Speed of generating keywords decreases linearly with the length of the text. Depending on your use case, this can be an issue. In Pincone, keyword extraction is part of the link scraping pipeline which needs to be as fast as possible to ensure good UX for users.

We set the timeout at three seconds for the keyword extraction part to prevent compromising the UX of adding links. In the majority of cases, this works just fine. Keywords are extracted before the timeout is hit and users are served labels along with the link content. But for links with a lot of content, keyword extraction will often hit the timeout and users will not get autogenerated labels. That’s the trade-off we are willing to make.

The graph below shows the speed of auto-labeling depending on document length. We scraped 800+ links from the Hacker News front page and ran auto-labeling on the text. Document length refers to the length of text after extracting it from HTML. We can see from the graph that the vast majority of websites can be auto-labeled in under a second.


Quality of labels as extracted keywords is questionable. This is actually a very subjective issue because if you give 10 people a task to write labels for an article, you’d likely get 10 sets of labels that don’t overlap too much. Our goal here was to capture what the link is about. The user can accept those labels, change them, or remove them. The point is that the users don’t have to write them themselves for every link.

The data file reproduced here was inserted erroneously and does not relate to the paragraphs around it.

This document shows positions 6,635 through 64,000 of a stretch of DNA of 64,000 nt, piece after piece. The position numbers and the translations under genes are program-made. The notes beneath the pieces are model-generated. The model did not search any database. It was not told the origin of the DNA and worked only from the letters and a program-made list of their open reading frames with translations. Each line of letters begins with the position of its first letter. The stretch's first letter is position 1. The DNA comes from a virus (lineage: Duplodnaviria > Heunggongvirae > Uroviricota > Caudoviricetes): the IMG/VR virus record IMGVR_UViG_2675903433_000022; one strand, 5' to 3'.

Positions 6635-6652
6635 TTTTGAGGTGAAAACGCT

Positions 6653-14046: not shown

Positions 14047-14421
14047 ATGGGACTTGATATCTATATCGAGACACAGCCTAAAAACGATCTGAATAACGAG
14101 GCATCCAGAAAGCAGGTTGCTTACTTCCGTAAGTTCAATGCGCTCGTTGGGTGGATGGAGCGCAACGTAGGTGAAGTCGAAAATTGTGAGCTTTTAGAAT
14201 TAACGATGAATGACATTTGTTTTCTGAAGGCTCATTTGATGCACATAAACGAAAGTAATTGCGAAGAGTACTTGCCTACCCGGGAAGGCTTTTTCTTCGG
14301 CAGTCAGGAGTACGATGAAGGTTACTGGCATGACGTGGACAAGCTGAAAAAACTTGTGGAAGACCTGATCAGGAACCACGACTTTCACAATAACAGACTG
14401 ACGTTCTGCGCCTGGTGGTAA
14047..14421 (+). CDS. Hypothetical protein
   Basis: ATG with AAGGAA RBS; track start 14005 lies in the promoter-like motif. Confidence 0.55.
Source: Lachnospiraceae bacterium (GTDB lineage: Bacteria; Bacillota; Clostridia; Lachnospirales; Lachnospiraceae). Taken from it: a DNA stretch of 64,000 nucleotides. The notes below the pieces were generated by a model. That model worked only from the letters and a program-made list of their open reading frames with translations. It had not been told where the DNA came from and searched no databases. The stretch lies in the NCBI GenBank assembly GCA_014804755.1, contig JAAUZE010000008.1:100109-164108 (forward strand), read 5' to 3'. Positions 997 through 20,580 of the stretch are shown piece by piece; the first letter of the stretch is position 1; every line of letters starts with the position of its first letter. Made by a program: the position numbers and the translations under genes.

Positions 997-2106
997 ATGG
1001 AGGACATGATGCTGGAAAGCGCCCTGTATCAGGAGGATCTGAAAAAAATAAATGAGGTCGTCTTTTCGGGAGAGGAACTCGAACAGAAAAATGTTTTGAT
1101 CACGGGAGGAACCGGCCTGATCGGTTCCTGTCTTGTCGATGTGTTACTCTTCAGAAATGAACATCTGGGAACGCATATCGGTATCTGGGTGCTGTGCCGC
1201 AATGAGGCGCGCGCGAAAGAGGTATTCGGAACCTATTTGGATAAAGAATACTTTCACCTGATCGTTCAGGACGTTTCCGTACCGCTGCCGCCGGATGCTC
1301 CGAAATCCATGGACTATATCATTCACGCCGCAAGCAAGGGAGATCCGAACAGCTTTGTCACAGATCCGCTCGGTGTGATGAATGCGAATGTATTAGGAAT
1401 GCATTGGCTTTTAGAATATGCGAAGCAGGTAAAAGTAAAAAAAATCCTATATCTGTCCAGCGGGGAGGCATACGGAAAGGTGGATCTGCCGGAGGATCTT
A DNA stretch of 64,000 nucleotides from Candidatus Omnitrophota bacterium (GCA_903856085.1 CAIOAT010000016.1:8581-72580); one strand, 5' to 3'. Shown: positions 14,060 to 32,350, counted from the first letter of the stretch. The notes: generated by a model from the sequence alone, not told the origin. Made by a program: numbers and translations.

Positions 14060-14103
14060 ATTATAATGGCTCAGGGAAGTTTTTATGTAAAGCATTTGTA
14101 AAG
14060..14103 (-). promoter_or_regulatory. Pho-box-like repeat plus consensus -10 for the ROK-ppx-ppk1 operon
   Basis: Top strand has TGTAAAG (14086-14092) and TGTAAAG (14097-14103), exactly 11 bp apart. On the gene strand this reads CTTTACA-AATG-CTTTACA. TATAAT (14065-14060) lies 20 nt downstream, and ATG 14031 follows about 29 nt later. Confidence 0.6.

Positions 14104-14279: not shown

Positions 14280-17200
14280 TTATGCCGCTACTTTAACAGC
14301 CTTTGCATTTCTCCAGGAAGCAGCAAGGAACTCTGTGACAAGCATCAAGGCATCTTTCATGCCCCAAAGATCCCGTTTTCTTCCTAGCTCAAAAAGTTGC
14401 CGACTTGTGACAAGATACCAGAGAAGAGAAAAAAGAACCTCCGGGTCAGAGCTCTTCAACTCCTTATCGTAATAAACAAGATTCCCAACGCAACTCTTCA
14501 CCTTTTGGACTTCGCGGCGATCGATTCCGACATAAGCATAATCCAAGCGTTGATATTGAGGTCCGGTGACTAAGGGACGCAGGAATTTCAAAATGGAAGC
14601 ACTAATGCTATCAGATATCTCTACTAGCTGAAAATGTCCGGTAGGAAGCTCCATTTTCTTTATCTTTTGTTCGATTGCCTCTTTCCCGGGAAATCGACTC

Capturing the essence of the link content with a keyword extractor works fine in most cases, but not always. Sometimes, only a subset of the generated labels is a fit for the link content, or in rare cases, none of the labels are a fit. This can happen because there is too much noise in the text, or there is not enough text to analyse it well, or the keyword extractor simply failed to capture the content. We try to minimise these instances by adjusting the threshold for keyword confidence and filtering keywords which are not relevant such as stopwords, dates, or ordinals.